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Looking for a good UPS. Is the APC BR1000G right for me?

Last response: in Components
May 31, 2011 4:29:16 AM

I'm looking to buy a UPS for my home office. Can't afford to lose valuable hours (or equipment) to my power company's shoddy service any longer. I need a reliable UPS that lasts a few years that doesn't burn up, isn't loud, and doesn't damage my equipment. Runs for at least 5 min - 30 min on battery would be ideal.

I found the APC BR1000G to be (what I think) a good match for my needs.

Manufacturer's Link:

Does this meet my energy requirements? It should, but I'm running it by you experts anyway
Is sinewave an issue with my system? I read online that some Dell machines have issues
Do you have any professional/personal experience with this model? Good or Bad, please share.
What other UPSs would you recommend?

My Equipment

  • 15" Dell Studio Laptop - 1558 (intel i5, 500 GB / 7200 rpm HD, integrated grfx card)
  • 1 Speaker system (small sub-woofer [can be held easily in 1 small hand] with 2 smaller satellites - adapter says 120V/25W)
  • 1 Flow Modem (Arris)
  • 1 Wireless Router (D-link - DIR-600)
  • Second 22-24" LCD LED Monitor in the future
  • More about : good ups apc br1000g

    Best solution

    a b ) Power supply
    May 31, 2011 2:44:55 PM

    This APC unit would meet your energy requirement.
    The Sinewave seems to be an issue with most modern desktops power supplies with active power factor correction (active PFC). When this type of supply "senses" incoming power that is not using sinewave, it shuts down in order to protect components. I'm not sure if laptops have this issue, though if it's a concern of yours, this Cyberpower 1000va unit accommodates power supplies with this active PFC feature and is the same price as the one you're looking at:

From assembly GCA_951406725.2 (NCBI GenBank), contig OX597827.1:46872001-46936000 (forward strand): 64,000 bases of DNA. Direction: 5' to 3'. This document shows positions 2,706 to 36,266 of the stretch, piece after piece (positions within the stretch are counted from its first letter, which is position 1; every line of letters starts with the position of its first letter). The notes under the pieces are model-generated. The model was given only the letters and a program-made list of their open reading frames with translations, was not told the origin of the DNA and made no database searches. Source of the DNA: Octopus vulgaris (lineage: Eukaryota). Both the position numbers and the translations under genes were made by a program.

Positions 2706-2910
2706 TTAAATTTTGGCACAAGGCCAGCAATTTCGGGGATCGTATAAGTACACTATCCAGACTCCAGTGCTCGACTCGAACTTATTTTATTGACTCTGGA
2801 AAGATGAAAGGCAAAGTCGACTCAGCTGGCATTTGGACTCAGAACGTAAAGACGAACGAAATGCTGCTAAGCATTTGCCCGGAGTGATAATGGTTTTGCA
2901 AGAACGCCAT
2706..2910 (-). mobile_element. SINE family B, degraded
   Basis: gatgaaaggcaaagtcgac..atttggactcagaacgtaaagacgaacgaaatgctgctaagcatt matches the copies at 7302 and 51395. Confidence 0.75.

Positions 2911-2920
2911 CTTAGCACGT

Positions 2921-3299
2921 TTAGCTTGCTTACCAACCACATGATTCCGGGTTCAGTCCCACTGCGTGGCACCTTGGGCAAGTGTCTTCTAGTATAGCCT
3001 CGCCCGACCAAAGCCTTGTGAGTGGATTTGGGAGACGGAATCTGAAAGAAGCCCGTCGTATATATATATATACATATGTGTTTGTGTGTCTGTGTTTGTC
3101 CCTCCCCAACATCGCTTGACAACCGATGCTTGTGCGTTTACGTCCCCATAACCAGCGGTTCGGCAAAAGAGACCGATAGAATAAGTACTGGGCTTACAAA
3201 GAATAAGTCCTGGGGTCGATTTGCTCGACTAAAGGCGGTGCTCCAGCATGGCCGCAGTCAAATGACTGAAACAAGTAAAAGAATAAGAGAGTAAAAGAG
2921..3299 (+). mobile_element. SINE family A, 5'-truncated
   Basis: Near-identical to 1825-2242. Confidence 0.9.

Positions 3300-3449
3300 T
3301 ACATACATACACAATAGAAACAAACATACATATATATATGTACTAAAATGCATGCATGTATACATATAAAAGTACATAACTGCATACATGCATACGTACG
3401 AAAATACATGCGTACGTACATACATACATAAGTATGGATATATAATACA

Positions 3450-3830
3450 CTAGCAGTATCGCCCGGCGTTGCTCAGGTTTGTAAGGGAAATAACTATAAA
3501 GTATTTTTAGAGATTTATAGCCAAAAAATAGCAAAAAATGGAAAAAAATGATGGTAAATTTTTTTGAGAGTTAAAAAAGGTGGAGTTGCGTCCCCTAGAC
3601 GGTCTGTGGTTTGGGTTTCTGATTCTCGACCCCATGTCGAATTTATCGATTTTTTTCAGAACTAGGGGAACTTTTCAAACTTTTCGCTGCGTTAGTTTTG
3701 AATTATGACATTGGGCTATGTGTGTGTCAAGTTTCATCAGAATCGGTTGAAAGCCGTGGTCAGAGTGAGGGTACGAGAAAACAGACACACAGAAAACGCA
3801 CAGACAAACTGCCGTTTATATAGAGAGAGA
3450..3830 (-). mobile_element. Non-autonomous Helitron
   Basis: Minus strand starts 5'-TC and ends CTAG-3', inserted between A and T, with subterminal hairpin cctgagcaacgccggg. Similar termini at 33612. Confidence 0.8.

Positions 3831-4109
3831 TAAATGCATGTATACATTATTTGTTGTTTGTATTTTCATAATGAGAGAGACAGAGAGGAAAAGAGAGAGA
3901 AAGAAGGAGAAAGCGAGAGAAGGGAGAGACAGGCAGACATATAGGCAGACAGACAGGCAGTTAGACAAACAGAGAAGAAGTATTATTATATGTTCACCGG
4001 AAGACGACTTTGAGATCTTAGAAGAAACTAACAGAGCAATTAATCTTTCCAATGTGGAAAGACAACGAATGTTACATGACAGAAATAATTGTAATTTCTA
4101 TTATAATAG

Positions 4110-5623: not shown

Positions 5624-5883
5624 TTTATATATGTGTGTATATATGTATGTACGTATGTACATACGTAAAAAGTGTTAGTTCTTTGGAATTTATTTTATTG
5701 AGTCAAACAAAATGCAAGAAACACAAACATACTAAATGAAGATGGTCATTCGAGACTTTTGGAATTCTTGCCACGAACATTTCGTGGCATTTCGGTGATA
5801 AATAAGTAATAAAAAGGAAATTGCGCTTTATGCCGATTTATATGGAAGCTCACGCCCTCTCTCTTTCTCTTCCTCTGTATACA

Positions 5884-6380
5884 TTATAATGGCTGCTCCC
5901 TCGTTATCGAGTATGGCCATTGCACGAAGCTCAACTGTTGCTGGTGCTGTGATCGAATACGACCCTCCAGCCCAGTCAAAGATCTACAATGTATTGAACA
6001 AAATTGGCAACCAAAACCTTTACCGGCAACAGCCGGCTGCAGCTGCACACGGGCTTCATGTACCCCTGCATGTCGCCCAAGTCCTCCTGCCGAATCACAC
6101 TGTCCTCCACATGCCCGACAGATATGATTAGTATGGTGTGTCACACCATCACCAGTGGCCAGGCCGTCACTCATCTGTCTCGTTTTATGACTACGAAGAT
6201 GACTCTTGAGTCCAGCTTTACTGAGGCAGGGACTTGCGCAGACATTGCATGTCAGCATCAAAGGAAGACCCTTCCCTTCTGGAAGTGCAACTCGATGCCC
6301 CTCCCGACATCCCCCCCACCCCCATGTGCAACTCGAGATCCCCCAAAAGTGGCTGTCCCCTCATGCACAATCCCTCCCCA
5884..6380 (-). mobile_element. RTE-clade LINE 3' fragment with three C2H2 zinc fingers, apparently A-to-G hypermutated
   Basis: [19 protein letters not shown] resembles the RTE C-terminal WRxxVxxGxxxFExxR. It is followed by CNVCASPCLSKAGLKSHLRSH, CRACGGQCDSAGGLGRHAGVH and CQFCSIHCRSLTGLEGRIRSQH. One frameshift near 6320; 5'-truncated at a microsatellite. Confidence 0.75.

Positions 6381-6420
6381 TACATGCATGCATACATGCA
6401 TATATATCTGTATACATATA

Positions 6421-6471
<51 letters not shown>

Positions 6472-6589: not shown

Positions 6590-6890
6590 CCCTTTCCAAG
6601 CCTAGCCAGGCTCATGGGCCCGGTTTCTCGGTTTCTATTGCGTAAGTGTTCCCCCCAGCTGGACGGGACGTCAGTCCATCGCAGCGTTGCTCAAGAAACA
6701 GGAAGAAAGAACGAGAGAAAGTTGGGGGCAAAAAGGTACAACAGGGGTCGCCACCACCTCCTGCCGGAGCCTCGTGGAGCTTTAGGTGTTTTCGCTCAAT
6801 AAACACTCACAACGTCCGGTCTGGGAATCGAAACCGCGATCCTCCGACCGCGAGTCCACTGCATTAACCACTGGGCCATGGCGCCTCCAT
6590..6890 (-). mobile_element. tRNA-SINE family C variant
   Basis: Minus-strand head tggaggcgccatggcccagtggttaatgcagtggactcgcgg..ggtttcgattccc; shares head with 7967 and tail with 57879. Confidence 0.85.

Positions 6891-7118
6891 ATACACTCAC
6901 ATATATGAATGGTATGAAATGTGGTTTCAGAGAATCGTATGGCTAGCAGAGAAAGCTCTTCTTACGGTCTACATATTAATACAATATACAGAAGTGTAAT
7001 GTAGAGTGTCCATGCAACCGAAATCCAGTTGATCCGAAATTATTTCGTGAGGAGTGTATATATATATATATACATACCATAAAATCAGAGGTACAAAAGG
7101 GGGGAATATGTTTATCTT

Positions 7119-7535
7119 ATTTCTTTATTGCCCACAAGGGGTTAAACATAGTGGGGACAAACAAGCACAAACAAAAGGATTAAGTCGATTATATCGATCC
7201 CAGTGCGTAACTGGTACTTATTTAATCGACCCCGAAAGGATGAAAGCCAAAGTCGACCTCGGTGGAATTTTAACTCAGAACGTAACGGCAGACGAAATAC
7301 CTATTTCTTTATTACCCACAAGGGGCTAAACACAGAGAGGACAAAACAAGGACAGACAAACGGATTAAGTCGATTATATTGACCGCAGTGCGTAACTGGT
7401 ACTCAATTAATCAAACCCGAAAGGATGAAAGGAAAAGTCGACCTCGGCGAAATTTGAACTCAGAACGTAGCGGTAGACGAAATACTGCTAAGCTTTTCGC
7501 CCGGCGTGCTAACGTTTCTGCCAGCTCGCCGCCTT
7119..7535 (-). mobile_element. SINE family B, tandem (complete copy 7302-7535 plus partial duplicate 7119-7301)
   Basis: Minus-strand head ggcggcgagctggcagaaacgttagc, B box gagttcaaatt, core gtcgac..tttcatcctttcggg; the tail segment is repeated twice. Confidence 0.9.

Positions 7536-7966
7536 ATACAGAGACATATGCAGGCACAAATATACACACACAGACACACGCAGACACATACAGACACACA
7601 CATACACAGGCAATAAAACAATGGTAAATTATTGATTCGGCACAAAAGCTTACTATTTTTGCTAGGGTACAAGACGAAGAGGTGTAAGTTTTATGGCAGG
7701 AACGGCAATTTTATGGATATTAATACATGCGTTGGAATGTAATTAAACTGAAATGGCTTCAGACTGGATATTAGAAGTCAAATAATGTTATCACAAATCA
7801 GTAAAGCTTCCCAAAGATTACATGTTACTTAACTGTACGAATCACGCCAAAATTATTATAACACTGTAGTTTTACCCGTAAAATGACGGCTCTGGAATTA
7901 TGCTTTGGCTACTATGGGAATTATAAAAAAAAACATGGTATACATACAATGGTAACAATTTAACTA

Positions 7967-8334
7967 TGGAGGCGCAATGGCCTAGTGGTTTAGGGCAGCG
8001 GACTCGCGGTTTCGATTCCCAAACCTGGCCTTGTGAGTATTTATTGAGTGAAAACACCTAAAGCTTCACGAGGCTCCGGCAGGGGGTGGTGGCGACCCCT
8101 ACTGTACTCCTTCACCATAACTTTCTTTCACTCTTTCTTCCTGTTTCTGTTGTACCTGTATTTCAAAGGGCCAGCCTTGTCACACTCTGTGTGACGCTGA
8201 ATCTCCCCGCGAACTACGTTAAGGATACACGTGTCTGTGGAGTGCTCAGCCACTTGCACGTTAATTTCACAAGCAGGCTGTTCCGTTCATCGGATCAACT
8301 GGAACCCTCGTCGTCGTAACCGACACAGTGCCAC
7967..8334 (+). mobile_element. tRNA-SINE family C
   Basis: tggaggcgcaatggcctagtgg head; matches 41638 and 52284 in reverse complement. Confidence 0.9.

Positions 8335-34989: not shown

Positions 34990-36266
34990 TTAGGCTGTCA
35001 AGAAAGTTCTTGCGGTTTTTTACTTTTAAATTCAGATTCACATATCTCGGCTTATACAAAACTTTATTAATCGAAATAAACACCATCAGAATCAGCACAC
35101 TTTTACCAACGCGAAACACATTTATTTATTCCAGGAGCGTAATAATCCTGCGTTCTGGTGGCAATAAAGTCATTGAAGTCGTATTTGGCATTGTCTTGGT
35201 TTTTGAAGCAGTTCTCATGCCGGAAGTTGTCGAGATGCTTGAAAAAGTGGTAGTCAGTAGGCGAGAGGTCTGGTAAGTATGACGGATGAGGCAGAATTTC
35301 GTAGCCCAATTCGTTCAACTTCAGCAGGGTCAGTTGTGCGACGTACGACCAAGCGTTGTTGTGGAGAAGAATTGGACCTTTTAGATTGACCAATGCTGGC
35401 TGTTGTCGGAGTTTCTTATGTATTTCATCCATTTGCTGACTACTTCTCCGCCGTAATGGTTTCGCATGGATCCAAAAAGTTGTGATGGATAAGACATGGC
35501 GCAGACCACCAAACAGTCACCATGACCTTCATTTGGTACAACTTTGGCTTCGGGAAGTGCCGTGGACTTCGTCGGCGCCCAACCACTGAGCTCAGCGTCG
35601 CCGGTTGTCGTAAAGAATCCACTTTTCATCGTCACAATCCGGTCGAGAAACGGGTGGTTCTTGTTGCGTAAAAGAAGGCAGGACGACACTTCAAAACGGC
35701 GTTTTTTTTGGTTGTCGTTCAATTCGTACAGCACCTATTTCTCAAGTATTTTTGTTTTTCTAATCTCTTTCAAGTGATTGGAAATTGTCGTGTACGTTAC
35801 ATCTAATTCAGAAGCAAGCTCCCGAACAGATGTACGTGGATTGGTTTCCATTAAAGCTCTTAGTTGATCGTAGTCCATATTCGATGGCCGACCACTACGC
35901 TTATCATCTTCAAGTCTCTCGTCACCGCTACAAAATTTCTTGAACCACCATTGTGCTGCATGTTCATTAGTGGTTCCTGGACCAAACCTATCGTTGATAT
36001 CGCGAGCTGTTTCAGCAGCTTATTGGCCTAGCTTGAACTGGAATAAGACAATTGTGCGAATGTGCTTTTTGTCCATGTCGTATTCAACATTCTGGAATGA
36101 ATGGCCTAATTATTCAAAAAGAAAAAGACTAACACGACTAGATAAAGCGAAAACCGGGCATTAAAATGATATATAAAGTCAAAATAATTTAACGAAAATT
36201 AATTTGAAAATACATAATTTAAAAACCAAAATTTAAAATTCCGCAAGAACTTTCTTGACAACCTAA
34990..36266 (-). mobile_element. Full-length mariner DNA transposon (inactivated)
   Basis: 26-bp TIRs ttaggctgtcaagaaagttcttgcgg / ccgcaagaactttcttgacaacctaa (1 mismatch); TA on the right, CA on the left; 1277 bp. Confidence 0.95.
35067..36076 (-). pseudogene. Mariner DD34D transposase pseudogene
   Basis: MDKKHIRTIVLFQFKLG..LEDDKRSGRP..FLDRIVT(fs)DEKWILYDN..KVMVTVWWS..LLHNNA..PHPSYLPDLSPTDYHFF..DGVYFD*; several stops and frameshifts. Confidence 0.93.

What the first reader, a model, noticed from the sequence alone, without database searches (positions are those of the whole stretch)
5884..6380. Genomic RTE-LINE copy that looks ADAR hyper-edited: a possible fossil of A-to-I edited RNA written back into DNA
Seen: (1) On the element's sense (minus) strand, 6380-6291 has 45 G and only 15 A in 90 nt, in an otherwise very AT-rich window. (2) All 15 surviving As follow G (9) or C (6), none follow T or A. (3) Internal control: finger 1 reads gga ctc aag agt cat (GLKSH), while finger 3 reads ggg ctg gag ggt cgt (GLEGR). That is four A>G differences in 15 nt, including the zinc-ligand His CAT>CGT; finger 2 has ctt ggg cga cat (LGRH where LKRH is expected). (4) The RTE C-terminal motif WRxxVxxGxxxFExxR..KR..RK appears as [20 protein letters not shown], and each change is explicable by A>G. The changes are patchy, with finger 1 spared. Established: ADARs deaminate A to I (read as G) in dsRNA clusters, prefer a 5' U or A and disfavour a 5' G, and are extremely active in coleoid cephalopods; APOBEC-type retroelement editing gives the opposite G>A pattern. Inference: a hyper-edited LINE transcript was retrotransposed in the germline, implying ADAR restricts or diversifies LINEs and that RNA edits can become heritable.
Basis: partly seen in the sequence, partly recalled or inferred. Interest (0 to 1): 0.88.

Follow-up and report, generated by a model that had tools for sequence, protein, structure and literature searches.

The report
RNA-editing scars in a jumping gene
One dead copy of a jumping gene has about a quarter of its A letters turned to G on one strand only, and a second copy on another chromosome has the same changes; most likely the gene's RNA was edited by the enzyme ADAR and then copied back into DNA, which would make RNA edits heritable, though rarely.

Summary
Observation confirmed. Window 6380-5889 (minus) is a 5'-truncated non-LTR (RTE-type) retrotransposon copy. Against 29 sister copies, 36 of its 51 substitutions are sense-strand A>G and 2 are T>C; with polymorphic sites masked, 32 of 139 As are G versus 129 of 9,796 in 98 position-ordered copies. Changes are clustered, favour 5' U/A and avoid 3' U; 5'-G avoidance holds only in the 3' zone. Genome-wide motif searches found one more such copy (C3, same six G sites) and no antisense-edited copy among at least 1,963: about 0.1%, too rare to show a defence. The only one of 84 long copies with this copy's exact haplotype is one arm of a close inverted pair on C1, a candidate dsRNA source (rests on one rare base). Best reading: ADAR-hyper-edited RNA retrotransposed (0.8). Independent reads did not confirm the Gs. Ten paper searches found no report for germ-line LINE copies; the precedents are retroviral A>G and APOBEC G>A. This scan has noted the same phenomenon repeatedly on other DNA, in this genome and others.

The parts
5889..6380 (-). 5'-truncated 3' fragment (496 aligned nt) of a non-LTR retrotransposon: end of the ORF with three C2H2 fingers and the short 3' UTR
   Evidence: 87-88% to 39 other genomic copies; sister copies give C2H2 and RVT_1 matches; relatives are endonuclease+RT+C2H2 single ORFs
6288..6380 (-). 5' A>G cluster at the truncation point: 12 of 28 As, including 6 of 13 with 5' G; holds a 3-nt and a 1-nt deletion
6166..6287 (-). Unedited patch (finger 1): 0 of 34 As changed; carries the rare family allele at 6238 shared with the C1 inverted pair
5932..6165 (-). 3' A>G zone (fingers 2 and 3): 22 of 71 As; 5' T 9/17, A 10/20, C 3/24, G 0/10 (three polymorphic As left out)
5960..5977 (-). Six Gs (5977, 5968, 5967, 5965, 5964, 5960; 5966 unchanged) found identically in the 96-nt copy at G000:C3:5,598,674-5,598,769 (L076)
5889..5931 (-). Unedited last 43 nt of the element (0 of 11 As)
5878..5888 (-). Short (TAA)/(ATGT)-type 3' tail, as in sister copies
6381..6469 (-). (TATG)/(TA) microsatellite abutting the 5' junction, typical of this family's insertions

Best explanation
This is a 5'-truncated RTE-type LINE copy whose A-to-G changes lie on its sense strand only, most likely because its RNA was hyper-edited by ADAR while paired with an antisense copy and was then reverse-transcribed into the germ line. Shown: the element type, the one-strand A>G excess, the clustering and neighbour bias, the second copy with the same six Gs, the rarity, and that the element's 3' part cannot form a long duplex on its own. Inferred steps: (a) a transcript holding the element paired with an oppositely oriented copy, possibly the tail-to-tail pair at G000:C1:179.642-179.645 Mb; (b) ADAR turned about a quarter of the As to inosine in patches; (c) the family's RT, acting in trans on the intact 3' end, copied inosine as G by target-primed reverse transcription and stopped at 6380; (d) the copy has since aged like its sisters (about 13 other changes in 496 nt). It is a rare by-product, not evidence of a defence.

I use this 1000va unit on a desktop with such a power supply and it works great during testing. I also have the 1500va version for my souped-up gaming machine. That one works as expected as well. I've tested both by unplugging as well as through the included software which simulates the power loss. The software that comes with these UPSs allows you to configure the UPS to gracefully shutdown the PC after a certain amount of time. So if you're on the PC and you need to save a document or documents, you can do so and shut down manually, or if the PC is unattended, it will shut down gracefully after the set amount of time.
    a b ) Power supply
    February 3, 2012 6:26:16 PM

    Best answer selected by mousemonkey.
    a b ) Power supply
    February 3, 2012 6:26:17 PM

    This topic has been closed by Mousemonkey